Organic farming aims to protect the Earth’s soil and the environment, whilst producing food as naturally as possible. Under the organic standards, food can not be genetically modified (GMO) and strict limitations are applied to the use of chemical inputs. For example, organically certified farms are restricted to using 15 pesticides derived from natural ingredients such as garlic. However, truly regenerative farms tend to rely on their skill and understanding of the ecosystem over the use of chemicals. The Biggest Little Farm documentary highlights this perfectly when they allow their ducks to eat the snails that are consuming their crops. Compare this to non-organic farms, who predominantly rely on the use of synthetic pesticides, herbicides and fungicides that destroy the soil and damage the health of humans and animals that consume them. These chemicals are designed to kill insects, weeds and fungi but when consumed on food, they destroy gut microbes, which play a vital role in both human and animal health.
The gut microbiome is an extraordinary mix of bacteria and fungi, which plays a critical role in nutrient delivery as well as acting as the front line for your immune system. Also, people like Dr Zach Bush are demonstrating that Glyphosate, the base ingredient in the world’s main and most infamous herbicide ‘Roundup’ also destroys the junctions between the gut wall. This results in gut lining cells not being able to communicate effectively, as it throws out our bodies ability to carry out apoptosis. This term refers to programmed cell death, a process that a healthy body does naturally when a cell becomes damaged. However, if this is impaired, cells that are damaged can multiply instead, which can have a devastating impact on human health. Eating truly organic and properly prepared foods adds to the beneficial organic matter in our gut and soil as opposed to degrading it, which in turn lays the foundations for human and planetary health. That’s why you’ll never see us sell a product that’s not organic and / or from regenerative farming practises where these chemicals aren’t used.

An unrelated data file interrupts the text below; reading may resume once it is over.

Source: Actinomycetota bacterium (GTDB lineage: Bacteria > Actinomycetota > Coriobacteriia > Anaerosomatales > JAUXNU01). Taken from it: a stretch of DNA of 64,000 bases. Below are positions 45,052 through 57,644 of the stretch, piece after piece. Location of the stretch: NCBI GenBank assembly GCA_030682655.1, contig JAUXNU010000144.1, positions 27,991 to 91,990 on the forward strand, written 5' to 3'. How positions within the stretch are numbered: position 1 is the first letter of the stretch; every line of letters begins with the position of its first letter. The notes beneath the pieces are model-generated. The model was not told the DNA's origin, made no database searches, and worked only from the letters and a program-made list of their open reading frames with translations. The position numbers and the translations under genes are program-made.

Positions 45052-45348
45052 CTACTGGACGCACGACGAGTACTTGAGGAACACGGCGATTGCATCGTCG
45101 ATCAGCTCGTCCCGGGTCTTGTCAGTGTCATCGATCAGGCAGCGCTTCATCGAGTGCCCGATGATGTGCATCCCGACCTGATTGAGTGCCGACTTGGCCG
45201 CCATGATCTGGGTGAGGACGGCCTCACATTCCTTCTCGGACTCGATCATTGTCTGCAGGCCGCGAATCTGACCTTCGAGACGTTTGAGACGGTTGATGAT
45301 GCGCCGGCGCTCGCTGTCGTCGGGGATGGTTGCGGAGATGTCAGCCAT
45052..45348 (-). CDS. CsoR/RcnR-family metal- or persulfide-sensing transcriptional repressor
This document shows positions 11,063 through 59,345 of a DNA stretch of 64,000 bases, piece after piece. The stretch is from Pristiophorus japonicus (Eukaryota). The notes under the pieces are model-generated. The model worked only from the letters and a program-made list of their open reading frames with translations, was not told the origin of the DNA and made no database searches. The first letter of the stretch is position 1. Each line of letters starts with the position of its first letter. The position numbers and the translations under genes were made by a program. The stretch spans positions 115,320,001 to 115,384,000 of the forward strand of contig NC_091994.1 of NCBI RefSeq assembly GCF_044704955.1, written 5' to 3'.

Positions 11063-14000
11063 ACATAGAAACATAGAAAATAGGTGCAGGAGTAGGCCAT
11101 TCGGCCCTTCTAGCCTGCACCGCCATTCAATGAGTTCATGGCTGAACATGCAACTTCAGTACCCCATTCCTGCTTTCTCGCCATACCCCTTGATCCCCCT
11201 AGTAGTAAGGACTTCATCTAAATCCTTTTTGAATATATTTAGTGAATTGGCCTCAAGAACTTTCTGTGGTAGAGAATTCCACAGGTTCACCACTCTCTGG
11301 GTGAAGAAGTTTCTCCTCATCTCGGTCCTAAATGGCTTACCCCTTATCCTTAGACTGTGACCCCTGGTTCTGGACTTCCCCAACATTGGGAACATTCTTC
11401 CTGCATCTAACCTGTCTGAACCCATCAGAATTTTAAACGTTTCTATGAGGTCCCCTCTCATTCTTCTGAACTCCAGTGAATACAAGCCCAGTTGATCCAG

“In addition to providing nutrient dense food, well-managed cattle can graze on land that can’t be used for crops, improving soil quality and sequestering carbon.”
- Dianna Rogers
The Importance of Grass-Fed / Grass-Finished
Raising cattle in an environment where they’re truly free to roam on clean organic pastures for the entirety of their life is the gold standard for animal welfare and nutrition. The cattle we use for our nose-to-tail products spend as much of the year as weather conditions allow outdoors, eating a natural diet of grass. When inside (at night or when it’s too cold), they have plenty of space and are fed hay (dried grass and plants), which results in them living a low stress and anti-inflammatory life. The areas on which the cattle graze are systematically rotated to ensure the soil is protected and nutritionally rich. Finally, antibiotics are only used when absolutely necessary. Farming cattle in this way results in fertile soil, which can sequester carbon. As well as healthy, happy animals that when consumed are greatly beneficial to human health.
How the cattle we use for our nose-to-tail line are raised sits in stark contrast to factory farming. Under these systems cattle are often kept indoors and in too confined a space for large periods of their life. They are fed an unnatural diet, often including genetically modified feed like soy, covered in artificial chemicals. This leads to the animal living a stressful and inflamed life, which results in farmers routinely having to use antibiotics. It’s not uncommon for hormones to also to be used to promote growth and boost weight gain. Factory farming practises are cruel, damage the earth and result in a nutritionally inferior end product. We believe that to achieve true health for this planet and all its inhabitants, we need to move away from these disconnected farming practises and instead work with nature. Regenerative and organic farming does just that.